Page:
In the movie “Tin Men,” starring Richard Dreyfuss and Danny DeVito, an aluminum-siding salesman goes into a car dealership to buy a new Cadillac. “How much is it?” he asks the car salesman about the car he wants to buy. “How much do you want to pay?” the car salesman asks back. Disgusted by what is an obvious sales tactic, he replies sarcastically, “A dollar . . . I want to pay a dollar.”
The technique of asking a prospect how much he wants to pay is almost de rigueur if you’re selling something like a car or house, where the numbers can be manipulated to accommodate a range of budgets. But in direct mail, we’re not in a “let’s make a deal” kind of business. It’s usually not possible for us to ask our prospect what he is willing to pay for the product or service we’re selling. That puts us in the same position as a car salesman or real-estate agent whose prospect either doesn’t know or refuses to reveal how much he can afford.
In a case like that, a good salesperson might use the “good, better, best” method of price quotation. Let’s use the example of a real-estate agent who is trying to sell a prospect a custom-built home on a half-acre lot. Instead of just quoting the price of his top-end home, which is $500,000, he would give the prospect three options to choose from. The first option, which he calls “good,” is a basic three-bedroom home with a fireplace and an unfinished basement.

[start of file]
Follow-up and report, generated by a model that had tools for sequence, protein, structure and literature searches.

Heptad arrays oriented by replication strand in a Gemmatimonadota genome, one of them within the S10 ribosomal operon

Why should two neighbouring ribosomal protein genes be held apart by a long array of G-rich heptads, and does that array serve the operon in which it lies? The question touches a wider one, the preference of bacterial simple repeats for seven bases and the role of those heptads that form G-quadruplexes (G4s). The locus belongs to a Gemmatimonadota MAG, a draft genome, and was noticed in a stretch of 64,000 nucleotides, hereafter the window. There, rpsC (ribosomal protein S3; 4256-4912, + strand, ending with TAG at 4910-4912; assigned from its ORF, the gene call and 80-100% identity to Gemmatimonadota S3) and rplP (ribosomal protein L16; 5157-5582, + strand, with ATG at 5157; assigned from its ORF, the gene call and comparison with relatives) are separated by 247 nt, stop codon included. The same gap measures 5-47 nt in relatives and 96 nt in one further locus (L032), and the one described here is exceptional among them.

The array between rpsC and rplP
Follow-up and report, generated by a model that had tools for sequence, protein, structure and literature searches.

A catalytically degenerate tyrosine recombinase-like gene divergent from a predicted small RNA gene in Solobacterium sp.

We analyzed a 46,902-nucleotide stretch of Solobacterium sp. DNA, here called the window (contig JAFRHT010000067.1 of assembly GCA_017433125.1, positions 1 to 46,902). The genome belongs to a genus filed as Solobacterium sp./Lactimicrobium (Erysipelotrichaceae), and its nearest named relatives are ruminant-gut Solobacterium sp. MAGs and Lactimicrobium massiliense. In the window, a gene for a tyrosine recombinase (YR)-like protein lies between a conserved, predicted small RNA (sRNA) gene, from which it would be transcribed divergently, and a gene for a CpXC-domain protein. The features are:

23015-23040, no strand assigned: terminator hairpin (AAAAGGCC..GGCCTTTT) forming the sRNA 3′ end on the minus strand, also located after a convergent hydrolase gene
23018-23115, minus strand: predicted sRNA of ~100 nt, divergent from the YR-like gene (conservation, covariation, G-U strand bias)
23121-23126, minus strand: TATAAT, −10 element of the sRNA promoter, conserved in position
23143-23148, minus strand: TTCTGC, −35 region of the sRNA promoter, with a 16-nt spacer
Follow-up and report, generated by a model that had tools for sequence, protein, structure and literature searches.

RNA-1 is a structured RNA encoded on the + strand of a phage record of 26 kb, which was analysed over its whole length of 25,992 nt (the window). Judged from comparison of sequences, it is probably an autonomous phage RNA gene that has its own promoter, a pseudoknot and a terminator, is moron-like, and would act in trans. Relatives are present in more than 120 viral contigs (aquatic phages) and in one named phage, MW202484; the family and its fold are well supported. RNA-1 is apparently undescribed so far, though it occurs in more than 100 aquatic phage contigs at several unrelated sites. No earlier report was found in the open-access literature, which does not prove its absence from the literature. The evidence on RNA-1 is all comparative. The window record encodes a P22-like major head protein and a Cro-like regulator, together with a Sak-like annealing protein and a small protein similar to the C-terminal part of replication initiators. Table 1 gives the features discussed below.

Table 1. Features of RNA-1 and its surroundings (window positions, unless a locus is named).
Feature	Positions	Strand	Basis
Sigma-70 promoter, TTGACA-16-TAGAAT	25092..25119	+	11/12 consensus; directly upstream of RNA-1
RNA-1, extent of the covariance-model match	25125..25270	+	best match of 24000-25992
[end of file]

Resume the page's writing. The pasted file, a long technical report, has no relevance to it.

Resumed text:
It is priced at $300,000 — the cheapest price he can offer while still giving the buyer a decent home and himself a decent profit. The second option, which he calls “better,” is the same home but with a finished basement and an added sitting room in the master-bedroom suite. It is priced at $400,000 — as his middle-of-the-road model. The third option, which he calls “best,” is the same home as in the “better” option but with deluxe landscaping, a second fireplace, and a fourth bedroom. It is priced at $500,000 — as his top-of-the-line model. He outlines all three options for his prospect, including the prices.
Then, instead of asking IF he wants one of them, he asks, “WHICH one do you want — good, better, or best?” This strategy works for two reasons. First, it increases the chances that his price quotation will fall within the dollar amount his prospect will pay. Second, very few people want the lowest quality of three choices. So some buyers who were looking to pay $300,000 will find a way to pay $400,000 (even if it means a bigger mortgage or borrowing from Uncle Joe) — and more will select “better” over “good.”
(Ed. Note: Bob Bly is the editor of Mailbox Millionaire, ETR’s program to help you start your own successful direct-mail business. For information, click on http://www.agora-inc.com/reports/700SCBMO/W700DC03.)